Jon Smith spends most days in his home studio surrounded by the tools of his trade. Canvases in various stages of completion stand on easels or propped against walls. Jars, canisters and trays hold dozens of brushes, and a handmade table with a glass top serves as a palette. Globs of oil paint, still moist and ready to use, cover the glass. Smith's subjects are men, women and children portrayed viewing art in museums around the world. In a sense, someone who enjoys great art might see a bit of himself or herself in the paintings. "The purpose is for you to project yourself into the scene," said Smith. "There's a communication set up between the viewer and the piece."
One 16-by-20-inch canvas in his north Clearwater studio depicts a young woman in a Chicago museum standing between the works of great masters. Wearing a loose skirt and flip-flops, she faces a wall, eyeing a 19th century oil painting of a mother and child by Cecilia Beaux. On a tall pedestal behind the young visitor stands a Roman soldier chiseled in marble, the sculptor unknown. The painting conveys a sense of the timelessness of art.
"I got acquainted with the masters while studying at Aix en Provence," Smith said of his year in southern France in the mid 1970s, "and gained an appreciation for the time stream of art from the beginning of civilization until the present time."
In another painting, Smith depicts a group of tourists at the Prado Museum in Madrid, their eyes filled with wonder as they view an unseen painting. On a wall beside them hangs a meticulously rendered 17th century painting of a Spanish nobleman on horseback.
Smith says he leaves out details intentionally, such as what is drawing the tourists' eyes to an unseen wall. To look at the painting is to be filled with curiosity.
"I suggest details of people and the viewer's own eye must fill in the gap," he said.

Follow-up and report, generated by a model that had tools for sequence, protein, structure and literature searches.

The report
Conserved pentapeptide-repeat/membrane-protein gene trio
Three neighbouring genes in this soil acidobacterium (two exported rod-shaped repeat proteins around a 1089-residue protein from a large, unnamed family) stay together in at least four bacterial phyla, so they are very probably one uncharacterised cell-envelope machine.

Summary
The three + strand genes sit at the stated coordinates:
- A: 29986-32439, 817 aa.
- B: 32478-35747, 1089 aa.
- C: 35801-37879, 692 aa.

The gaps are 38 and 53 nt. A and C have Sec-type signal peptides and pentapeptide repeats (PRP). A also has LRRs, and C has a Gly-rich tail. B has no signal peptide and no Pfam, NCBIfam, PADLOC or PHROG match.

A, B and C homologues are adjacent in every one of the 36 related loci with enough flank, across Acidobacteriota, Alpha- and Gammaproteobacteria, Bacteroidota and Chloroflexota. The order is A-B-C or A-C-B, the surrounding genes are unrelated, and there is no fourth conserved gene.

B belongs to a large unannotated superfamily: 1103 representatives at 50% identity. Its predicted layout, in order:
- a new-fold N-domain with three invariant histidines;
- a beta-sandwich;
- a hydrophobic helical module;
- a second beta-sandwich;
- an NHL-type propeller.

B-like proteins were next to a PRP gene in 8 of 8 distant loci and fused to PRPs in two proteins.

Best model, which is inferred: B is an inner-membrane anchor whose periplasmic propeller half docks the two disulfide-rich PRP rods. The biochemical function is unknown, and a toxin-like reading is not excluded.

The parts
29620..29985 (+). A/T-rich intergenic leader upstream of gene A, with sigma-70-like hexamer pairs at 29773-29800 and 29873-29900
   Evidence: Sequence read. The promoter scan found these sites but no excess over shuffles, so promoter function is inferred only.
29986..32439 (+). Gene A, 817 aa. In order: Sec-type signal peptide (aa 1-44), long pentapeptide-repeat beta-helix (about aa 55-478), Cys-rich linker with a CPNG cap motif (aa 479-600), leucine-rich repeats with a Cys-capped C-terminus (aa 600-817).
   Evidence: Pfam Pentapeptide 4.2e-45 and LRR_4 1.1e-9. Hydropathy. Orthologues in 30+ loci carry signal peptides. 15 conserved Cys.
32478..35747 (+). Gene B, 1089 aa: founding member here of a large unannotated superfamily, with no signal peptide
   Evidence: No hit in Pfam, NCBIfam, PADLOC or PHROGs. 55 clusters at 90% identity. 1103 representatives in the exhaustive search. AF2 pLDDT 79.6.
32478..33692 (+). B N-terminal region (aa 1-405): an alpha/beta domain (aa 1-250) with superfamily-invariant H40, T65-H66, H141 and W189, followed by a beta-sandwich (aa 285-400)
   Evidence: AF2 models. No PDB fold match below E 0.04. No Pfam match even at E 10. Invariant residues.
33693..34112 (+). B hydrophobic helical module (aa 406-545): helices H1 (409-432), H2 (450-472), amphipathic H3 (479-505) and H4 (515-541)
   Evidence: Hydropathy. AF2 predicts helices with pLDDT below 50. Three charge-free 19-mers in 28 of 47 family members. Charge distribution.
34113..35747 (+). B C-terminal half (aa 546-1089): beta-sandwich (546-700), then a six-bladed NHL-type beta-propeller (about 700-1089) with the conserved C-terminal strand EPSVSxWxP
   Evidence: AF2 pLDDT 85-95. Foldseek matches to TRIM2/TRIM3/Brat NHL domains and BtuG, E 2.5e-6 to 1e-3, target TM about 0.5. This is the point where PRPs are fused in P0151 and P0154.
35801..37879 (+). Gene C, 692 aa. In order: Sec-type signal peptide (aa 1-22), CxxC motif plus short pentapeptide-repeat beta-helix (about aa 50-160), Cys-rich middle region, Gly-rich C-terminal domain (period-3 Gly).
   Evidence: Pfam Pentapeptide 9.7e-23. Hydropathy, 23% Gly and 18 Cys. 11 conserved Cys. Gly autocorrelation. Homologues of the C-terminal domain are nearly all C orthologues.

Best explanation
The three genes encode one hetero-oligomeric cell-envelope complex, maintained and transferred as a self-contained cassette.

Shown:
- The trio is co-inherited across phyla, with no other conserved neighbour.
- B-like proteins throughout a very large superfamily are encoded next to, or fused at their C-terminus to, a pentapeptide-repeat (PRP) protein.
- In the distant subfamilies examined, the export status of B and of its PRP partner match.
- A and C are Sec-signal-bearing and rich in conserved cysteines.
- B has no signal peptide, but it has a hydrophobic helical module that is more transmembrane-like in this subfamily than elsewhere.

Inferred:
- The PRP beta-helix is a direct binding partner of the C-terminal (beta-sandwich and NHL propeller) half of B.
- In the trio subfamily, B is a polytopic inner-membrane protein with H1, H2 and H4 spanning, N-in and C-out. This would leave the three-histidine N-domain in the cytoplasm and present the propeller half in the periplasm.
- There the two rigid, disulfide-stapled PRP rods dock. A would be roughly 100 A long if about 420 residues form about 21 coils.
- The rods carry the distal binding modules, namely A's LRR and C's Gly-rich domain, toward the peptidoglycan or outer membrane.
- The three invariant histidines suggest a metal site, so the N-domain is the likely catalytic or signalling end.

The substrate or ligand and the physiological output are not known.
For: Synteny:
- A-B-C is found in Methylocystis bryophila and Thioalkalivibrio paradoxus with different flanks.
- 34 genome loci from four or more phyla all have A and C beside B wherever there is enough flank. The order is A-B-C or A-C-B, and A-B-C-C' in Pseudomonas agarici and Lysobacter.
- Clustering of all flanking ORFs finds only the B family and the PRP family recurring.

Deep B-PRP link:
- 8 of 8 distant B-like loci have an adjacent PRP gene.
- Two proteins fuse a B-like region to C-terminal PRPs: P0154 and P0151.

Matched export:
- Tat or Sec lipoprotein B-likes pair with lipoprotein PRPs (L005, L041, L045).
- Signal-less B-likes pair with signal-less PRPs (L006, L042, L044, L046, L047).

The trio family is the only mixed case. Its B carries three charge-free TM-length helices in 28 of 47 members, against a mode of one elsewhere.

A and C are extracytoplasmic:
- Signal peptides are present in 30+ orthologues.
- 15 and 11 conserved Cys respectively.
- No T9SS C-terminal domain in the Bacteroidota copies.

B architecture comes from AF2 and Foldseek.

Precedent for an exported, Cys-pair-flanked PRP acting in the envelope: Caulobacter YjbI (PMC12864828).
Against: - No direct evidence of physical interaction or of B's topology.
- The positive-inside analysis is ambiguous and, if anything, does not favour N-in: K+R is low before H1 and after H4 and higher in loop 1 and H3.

Light also figures prominently in the artist's work. A painting set in the Louvre depicts Smith's wife, Mary, as she walks beneath the museum's ceiling arches. The sunlight is filtering through skylights and shining on her.
"I wanted the sensation of open space you get walking down that hallway," he said, "and all the aesthetic components I could get into the scene."
Smith's art did not always focus on people. That transition, he said, took place only in the last decade, since he began living in Florida. A native of Saluda, S.C., he graduated with a degree in fine arts from the University of South Carolina in 1973 and trained as a landscape artist. He continued that study in France, then moved to Boston in 1977.
There, Smith made use of his landscape training. Nine of his murals, all depicting scenes of Boston and its harbor, hang in the famed Union Oyster House in the city's historic North End. While in Boston, he also joined the Copley Society of Art, founded in 1879 and considered the oldest nonprofit art organization in the United States. After earning three major awards in juried art shows, he became a "Copley Master."
Shortly after Smith, his wife and two sons moved to Clearwater in 2000, he began entering more juried art shows, which accept only high-quality and original art.
In the last two years, he won five first-place awards at art festivals around the country. The most recent honor came in January 2010 when he won Best of Show at the Beaux Arts Festival in Miami.
Smith's paintings seem to draw crowds, and his commissioned work is increasing. Painting is a passion, he said.
"For every painting I do, I think of two or three more I want to do," he said. "I just need more time."